Handling Oppressive Behavior in RC

At the 2017 World Conference we strengthened our Guideline on “Handling Disagreement, Criticism, and Upset” to make it clear that it should also be used for handling the acting out of oppressor distress.

We have a strong culture in RC of not acting out distress recordings at one another, of treating each other well, of acting as allies to one another against all forms of oppression. But oppressor distress recordings are installed on all of us in our society, and their effects are deep and confusing. So despite our best efforts, we act them out everywhere, including in RC.

In RC we work to interrupt all distressed behavior without blaming, shaming, or gossiping about each other for having distresses. (Blame, shame, and gossip do not free people from distress recordings or move a situation forward.) We strive to remember each other’s humanness and to treat each other as human beings. We have also worked hard to improve our ability to stand up and speak out against oppression. And stopping oppressive behavior in the moment is usually more important than the way in which we do it. (We will attain elegance with practice and discharge, but we should not wait until we can act without restimulation.)

Many times we are unable to recognize oppressive behavior in the moment, or we recognize it but are unable to take action in the moment to stop it. In these cases, we should follow the multi-step procedure in Guideline O.2., moving through the steps as needed to resolution. Central to this is speaking directly to the person who has acted oppressively toward us instead of going to others to complain about them.

Applying Guideline O.2. to an incident in which we have been targeted with oppression, and have gone through steps a, b, and c,1 could look like this:

We conclude that someone has acted oppressively toward us. We communicate to them that their behavior is oppressive and how. Then one of the following happens:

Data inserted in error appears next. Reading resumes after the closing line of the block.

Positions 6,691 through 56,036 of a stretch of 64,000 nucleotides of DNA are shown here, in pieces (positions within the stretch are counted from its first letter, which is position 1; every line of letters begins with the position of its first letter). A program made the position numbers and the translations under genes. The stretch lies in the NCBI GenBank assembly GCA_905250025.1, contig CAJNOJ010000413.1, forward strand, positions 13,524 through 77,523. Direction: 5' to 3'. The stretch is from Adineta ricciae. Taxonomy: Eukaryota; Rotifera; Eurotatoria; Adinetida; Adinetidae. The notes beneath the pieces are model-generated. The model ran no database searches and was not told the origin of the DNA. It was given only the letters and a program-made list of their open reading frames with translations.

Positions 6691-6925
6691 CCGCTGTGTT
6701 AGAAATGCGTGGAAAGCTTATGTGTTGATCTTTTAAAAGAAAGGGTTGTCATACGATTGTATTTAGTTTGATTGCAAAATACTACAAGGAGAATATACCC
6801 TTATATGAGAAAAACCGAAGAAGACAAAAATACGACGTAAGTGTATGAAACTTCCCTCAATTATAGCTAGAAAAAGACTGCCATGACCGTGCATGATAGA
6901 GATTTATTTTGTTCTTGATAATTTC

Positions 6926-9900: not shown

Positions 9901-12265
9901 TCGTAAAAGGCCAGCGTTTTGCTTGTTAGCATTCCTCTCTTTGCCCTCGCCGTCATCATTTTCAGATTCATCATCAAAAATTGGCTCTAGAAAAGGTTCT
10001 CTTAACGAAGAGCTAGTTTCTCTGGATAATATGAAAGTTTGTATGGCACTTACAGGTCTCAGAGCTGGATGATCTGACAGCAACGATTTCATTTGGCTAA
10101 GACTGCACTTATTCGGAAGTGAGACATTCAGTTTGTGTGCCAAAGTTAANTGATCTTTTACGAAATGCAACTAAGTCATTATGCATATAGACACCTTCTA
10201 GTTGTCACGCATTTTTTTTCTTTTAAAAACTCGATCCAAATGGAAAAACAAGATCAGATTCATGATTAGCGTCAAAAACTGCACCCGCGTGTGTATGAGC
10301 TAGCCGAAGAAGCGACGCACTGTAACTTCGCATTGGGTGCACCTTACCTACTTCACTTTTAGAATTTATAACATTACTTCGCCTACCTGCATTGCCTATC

• They listen and agree with us. We each have a session (always in a way that doesn’t spread upset about the person acting out the distress2 ). We come back together for clean-up and an apology from the oppressing person.
  • They disagree. We separate and each have a session. If after discharge and further communication, they still don’t agree, we discharge to keep clarifying our thinking. If we still think the behavior was oppressive, we ask an experienced Co-Counselor or an RC leader to help us as we continue to address the issue. If the issue still is unresolved, we might involve our Area or Regional Reference Person or the relevant International Liberation Reference Person.

Speaking directly to Co-Counselors and RC leaders3 about how they’ve acted out oppression may be difficult until we have discharged enough on how we have been hurt and silenced for standing up for ourselves. But being able to speak up when we are being oppressed, or soon after, is important for us and for the RC Community. We struggle especially to address leaders who have acted in oppressive ways. But everyone, including leaders, has been damaged by oppressor distresses, and it’s important that we use our process to correct our leaders as well as fellow Co-Counselors.